Ironically, the work hotels have undertaken to foster their core business is what now enables them to branch out and discover lucrative ancillary offerings. Only by executing well in your core will customers give you permission to play at the edge. For hotels, the edge is best defined as any attribute along the guest journey that can be “flexed” up or down to create a differential experience. Some guests are primarily interested in value, so why make them subsidize features and benefits they don’t want? Some guests are frustrated that the base offer leaves them wanting — why deny them? From booking through to checkout and beyond, guests experience a variety of activities, touch-points and decision opportunities that could be exploited to create either a basic option or an attractive customer choice at a premium. The goal for the hotel should be to predict each “pain point” during the customer’s journey and provide a delightful solution; by mapping the journey, hotels can identify these opportunities (see Figure 1 below). Instead of facing a uniform tier of service through their entire stay that is defined by a rough price point (e.g., luxury, midscale, etc.), customers can choose to buy up or opt out of extra goods and services at each interaction with the hotel, in a truly customizable manner.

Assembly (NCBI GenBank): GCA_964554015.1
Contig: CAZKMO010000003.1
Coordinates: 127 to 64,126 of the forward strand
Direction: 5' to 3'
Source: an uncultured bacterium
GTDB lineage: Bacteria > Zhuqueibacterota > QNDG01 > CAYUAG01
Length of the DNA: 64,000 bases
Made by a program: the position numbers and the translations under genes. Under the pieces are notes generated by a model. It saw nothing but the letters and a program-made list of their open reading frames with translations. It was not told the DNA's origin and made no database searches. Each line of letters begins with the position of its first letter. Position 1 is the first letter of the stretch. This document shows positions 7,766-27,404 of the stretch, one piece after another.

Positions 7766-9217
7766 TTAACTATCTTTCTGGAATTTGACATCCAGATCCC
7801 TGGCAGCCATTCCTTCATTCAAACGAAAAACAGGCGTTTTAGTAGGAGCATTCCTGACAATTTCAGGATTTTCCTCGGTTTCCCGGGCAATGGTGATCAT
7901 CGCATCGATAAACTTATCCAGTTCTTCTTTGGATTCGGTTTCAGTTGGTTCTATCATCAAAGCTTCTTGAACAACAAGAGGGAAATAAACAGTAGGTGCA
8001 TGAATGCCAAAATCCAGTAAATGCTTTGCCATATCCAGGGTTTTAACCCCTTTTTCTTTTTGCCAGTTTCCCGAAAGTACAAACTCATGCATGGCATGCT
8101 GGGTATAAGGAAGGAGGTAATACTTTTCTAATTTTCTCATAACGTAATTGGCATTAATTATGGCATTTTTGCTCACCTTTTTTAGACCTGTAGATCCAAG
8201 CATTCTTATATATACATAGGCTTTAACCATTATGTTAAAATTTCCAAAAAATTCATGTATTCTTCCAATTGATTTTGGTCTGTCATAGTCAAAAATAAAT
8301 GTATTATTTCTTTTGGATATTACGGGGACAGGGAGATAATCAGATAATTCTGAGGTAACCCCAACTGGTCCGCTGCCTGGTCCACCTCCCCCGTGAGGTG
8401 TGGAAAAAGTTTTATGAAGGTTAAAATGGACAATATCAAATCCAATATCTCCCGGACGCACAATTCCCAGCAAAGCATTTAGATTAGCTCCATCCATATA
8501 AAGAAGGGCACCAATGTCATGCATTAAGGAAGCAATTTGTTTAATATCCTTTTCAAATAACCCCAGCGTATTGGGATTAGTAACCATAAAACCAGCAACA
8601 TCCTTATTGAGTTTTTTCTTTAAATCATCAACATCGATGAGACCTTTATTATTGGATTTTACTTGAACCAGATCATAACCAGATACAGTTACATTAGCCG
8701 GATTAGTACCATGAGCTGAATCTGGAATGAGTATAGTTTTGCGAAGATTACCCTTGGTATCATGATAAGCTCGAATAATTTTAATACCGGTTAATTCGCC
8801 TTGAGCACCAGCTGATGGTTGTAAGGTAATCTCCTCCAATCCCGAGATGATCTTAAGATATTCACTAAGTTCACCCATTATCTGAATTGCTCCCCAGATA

Meals-to-go, enhanced shower heads, luxury linens and pillows, late checkouts, concierge treatment, and room selection are only a few of many offerings hotels could sell to their customers (see Figure 2 below). Many of these items tend to be extremely high margin when properly merchandised and sold. Once customers have made the basic decision of which hotel to go with (based, in part, on budget) they often relax their minds and wallets and are susceptible to additions that can seem trivial compared to the cost of the overall stay. But these add-ons add up. In some cases, such as a late checkout product, the incremental revenue can be captured by assigning a monetary value, and discipline, to activities that happen sporadically today.